With just 10 crashes, 2017 safest year for civil aviation since 1946: Reports

A total of 10 crashes of civil passenger and cargo planes claimed 44 lives in 2017.

With just 10 crashes, 2017 safest year for civil aviation since 1946: Reports
Pic courtesy: Twitter/@British_Airways

The Hague: 2017 was the safest year for civil aviation since plane crash statistics were first compiled in 1946, two industry studies have found.

"The year 2017 turned out to be the safest year ever for commercial aviation," the Aviation Safety Network in a statement.

A total of 10 crashes of civil passenger and cargo planes claimed 44 lives. Five of the fatal accidents involved cargo flights and five passenger flights, it added.

In 2016, ASN recorded 16 accidents and 303 lives lost. Five accidents involved cargo flights, five were passenger flights. "Given the expected worldwide air traffic of about 36,800,000 flights, the accident rate is one fatal passenger flight accident per 7,360,000 flights," it said.

On the other hand, To70 agency also said in its annual report that no major airline crashed a plane.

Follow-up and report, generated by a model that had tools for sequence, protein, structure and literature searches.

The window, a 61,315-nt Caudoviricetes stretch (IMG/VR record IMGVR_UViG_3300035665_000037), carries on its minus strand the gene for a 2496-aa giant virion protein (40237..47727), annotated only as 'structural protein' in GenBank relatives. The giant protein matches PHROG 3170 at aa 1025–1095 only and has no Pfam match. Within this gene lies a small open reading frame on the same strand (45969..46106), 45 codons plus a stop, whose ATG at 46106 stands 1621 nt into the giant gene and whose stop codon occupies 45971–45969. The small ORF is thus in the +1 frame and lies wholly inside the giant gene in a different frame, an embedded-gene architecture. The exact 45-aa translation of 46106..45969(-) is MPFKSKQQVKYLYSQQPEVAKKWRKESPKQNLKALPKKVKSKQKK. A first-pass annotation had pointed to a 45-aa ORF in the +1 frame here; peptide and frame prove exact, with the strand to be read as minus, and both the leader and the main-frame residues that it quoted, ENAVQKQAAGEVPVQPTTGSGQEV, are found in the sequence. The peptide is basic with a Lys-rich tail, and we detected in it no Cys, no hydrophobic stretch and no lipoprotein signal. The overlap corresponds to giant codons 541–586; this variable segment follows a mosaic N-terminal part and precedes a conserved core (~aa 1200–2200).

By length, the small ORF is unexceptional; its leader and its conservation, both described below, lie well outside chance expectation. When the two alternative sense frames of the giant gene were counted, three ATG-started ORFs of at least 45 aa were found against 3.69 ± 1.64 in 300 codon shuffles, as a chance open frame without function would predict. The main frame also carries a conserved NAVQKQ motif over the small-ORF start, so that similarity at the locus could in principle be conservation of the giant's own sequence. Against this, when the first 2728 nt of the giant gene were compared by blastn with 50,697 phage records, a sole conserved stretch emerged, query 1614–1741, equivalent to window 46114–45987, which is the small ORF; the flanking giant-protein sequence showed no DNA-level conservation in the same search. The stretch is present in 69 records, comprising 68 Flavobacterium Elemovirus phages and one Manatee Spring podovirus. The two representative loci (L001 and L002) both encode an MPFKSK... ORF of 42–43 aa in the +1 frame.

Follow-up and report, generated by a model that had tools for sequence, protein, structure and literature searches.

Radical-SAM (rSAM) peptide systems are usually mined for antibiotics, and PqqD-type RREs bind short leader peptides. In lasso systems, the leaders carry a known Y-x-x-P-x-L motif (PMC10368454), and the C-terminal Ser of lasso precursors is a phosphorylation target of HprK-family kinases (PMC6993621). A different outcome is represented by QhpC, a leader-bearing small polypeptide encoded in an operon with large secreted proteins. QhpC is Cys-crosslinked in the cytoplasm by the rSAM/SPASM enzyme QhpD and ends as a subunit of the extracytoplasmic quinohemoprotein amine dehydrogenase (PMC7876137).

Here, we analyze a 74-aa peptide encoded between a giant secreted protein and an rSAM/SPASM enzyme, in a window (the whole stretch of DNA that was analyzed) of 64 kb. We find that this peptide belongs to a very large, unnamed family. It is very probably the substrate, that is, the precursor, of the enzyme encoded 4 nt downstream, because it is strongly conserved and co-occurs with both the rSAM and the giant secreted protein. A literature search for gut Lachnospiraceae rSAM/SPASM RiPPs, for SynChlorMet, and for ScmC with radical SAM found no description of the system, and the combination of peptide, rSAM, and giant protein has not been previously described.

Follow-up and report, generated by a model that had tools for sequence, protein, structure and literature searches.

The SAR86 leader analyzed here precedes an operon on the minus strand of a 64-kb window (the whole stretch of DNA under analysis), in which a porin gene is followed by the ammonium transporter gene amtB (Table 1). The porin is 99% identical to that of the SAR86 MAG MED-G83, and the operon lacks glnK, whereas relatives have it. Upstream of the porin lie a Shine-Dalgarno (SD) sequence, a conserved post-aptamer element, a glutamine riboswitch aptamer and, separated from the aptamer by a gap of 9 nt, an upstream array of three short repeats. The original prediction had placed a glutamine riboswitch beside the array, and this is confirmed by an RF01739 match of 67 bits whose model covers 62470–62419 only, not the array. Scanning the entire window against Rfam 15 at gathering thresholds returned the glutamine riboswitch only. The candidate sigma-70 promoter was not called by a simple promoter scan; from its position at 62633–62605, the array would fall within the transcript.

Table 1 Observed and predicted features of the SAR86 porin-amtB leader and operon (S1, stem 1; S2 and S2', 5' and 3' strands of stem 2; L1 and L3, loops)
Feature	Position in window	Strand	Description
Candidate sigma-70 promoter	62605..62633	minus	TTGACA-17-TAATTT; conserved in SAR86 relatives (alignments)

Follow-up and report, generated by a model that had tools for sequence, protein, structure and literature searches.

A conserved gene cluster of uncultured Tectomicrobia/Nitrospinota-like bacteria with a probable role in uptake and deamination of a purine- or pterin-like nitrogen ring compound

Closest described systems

"In 2016, there were 71 civil aviation accidents of which six resulted in fatalities. This year, 2017, the number is even lower, 111 accidents, two of which included fatalities. There were no accidents in 2017 related to unlawful interference. A total of 13 lives lost in two regional airline accidents," it said.

To70 added, "An estimated three percent growth in air traffic for 2017 over 2016 means that the fatal accident rate for a large aeroplane in commercial air transport is again reduced; this time to 0.06 fatal accidents per million flights. That is a rate of one fatal accident for every 16 million flights."

But while 2017`s statistics were good news, "a note of caution needs to be sounded", the To70 report warned. "While the safety levels of modern civil passenger aeroplanes remain high, the extraordinarily low accident rate this year must be seen as a case of good fortune," it said.

One worry for the future is the many pieces of electronic equipment that passengers carry in luggage because of the risk of fire or the danger of lithium-ion batteries exploding, the report said.

The To70 report used data from the International Air Transport Association (IATA). Accidents involving military planes, including military transport aircraft, were not taken into account in the study.

(With AFP inputs)

By continuing to use the site, you agree to the use of cookies. You can find out more by clicking this link

Close